Kathleen Callaghy

This spring, two new calves are swimming with the Southern Resident orcas in the coastal waters of the Pacific Northwest. One was the first born to its pod in over ten years. With nearly 70% of Southern Resident pregnancies failing to reach term in recent years, these new babies are a source of hope for biologists and locals alike.  

Meanwhile, adult Chinook salmon—the primary food of the Southern Residents—are beginning their migration from the Pacific Ocean up the Columbia and Snake Rivers to tributaries as far upstream as central Idaho and northeast Oregon. Here they will spawn, depositing eggs that will, in time, become juvenile salmon that make their way back to the ocean, completing an ecological cycle that has been in place for millennia.

Female Chinook Salmon - Pacific Southwest
Austin Damarest, USFWS

Unfortunately, this critical stream-to-sea migration has been severely hindered by federal dams along the Snake and Columbia rivers, the construction of which destroyed or altered critical salmon habitat. Juvenile salmon migrating downstream now face stress, injury and death from dam passage. Delays and displacements in their migration can damage their ability to adapt to marine conditions, making them less likely to survive in the ocean. Still water in reservoirs makes them vulnerable to predation by other species and exposes them to dangerously warm temperatures. In recent years, climate change has compounded this crisis by raising river temperatures well above lethal levels for salmon.  

As a result, fewer and fewer salmon survive long enough to migrate back upstream as adults. The Snake River once sustained almost 50% of the Chinook salmon and steelhead populations in the entire Columbia River Basin. Today, only 1-2% of historic wild fish populations return to the Snake River Basin, and all its salmon and steelhead populations are listed as threatened or endangered.   

This is not a new story. Tribes, conservationists and other stakeholders have been involved in a decades-long effort to remove the Snake River dams, which has faced continued opposition due to the hydropower, irrigation and transport services they provide. The federal government has spent billions of dollars on numerous salmon recovery measures short of removing the dams, but to date these have failed to halt or reverse overall population decline. The scientific consensus is that the survival of ESA-listed salmon and steelhead in the Columbia basin cannot be secured without removing four federal dams on the lower Snake River. Despite this, political will has long been insufficient to deauthorize these dams in Congress and fund their physical removal.

Chinook Salmon - Jumping at Dam - Pacific Southwest
Laura Mahoney, USFWS

However, this story might be changing. The past year has seen some unprecedented political shifts on the lower Snake River dams. From ID Representative Mike Simpson’s comprehensive proposal in 2021 to a more recent joint process by WA State Senator Patty Murray and Governor Jay Inslee to assess feasible replacements for dam services, momentum is building for a solution that includes dam removal.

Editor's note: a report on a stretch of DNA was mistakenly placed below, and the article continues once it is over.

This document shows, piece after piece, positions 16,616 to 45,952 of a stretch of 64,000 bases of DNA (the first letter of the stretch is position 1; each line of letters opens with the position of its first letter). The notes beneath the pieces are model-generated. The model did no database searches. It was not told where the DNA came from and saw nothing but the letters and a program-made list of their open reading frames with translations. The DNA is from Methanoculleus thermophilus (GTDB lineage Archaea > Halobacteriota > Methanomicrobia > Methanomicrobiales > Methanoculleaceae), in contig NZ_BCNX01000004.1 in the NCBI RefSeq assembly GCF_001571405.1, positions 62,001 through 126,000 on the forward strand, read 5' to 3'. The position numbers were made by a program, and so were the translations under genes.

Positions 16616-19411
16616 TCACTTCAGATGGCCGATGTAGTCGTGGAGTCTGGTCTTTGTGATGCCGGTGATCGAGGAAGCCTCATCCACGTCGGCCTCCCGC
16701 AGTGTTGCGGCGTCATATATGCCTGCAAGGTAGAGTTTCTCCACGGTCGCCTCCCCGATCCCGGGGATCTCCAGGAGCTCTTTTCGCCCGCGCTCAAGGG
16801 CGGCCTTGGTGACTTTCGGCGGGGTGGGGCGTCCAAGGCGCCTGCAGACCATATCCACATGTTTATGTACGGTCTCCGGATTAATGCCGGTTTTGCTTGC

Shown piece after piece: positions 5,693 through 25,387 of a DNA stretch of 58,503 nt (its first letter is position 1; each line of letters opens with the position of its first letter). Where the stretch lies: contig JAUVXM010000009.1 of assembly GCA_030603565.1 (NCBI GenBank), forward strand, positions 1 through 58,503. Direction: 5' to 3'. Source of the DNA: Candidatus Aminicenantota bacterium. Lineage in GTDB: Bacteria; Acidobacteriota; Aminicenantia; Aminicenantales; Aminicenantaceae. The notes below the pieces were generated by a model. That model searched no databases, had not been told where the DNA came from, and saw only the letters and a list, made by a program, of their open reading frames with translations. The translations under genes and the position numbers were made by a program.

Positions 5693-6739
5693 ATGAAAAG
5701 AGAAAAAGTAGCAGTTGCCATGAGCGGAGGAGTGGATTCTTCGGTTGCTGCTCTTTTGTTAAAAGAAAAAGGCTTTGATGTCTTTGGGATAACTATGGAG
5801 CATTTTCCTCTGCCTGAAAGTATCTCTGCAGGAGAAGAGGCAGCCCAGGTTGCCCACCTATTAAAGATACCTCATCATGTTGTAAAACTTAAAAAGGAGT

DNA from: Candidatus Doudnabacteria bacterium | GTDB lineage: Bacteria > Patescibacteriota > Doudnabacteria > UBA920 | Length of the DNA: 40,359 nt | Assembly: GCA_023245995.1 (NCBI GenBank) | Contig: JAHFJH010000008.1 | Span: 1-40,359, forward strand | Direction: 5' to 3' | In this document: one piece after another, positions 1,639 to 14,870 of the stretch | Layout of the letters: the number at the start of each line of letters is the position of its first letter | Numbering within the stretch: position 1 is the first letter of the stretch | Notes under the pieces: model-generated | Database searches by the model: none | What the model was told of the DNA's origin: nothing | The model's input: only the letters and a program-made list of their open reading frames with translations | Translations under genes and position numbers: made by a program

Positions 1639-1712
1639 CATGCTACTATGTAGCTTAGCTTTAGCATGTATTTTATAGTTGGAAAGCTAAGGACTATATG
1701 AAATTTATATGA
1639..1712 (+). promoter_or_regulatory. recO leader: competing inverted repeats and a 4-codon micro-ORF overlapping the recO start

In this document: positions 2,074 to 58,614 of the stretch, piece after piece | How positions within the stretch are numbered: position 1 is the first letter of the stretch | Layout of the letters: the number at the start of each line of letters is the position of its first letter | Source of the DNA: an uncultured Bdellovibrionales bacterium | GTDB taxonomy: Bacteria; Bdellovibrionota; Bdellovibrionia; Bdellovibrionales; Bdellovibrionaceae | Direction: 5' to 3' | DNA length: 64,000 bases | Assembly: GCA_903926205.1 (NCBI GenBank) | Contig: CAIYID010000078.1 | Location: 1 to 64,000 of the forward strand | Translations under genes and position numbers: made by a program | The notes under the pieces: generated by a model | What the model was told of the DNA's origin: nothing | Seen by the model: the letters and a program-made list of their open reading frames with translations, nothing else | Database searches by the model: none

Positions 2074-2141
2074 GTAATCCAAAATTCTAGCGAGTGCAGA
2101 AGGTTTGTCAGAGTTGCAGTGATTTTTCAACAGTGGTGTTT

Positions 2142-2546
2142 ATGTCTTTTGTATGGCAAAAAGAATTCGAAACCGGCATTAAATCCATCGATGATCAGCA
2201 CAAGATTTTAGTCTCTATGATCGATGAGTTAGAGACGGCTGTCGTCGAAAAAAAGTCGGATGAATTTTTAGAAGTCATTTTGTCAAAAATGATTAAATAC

The Affiliated Tribes of Northwest Indians (ATNI), together comprising 60 northwest Tribal governments, recently called for Congress and the Biden Administration to remove the four lower Snake River dams in recognition of their treaty obligations to ensure the Tribes’ access to abundant salmon. Meanwhile, the White House Council on Environmental Quality (CEQ) has committed to working with all involved federal agencies to identify “a durable path forward that ensures a clean energy future, supports local and regional economies, and restores ecosystem function, while honoring longstanding commitments to Tribal Nations.”  

These are positive signs, suggesting that 2022 may be the year when dam removal transitions from a concept to a definitive plan. As every Defender knows, however, political will begins with constituents. Securing a salmon-abundant future for the Pacific Northwest’s orcas, people and ecosystems will require vocal support for removal of the lower Snake dams from allies across the nation.


For this reason, Defenders of Wildlife has joined other national conservation organizations in designating May 24th as a National Day of Action to Stop Salmon Extinction. Wildlife advocates from coast to coast will urge the Biden Administration and Congressional representatives to remove the four lower Snake River dams, and we invite you to join us! With enough voices, we can stop extinction and lead the largest salmon restoration in history while honoring the rights of Tribes and Indigenous people.

From stream to sea, salmon nurture us all. In addition to feeding Southern Resident orcas, their annual migrations bring critical marine nutrients such as nitrogen and phosphorous inland, where they enrich the soil that supports our agriculture and the Pacific Northwest’s rich biodiversity. Salmon are the source of a multi-billion dollar commercial and recreational fishing economy. They are a spiritual and cultural cornerstone for Northwest Tribes. As we move into Orca Action Month in June, we invite you to reflect on these vital connections and raise your voice to restore the free-flowing rivers and estuaries that are their home.


Kathleen Callaghy

Kathleen Callaghy

Northwest Representative
As a Representative for the Northwest field team, Kathleen leads Defenders’ policy engagement on endangered species in Washington State, working with local policymakers and coalition partners on the recovery of southern resident orcas, salmon, and grizzly bears.

Wildlife & Wild Places

Southern Resident Orca Breaching

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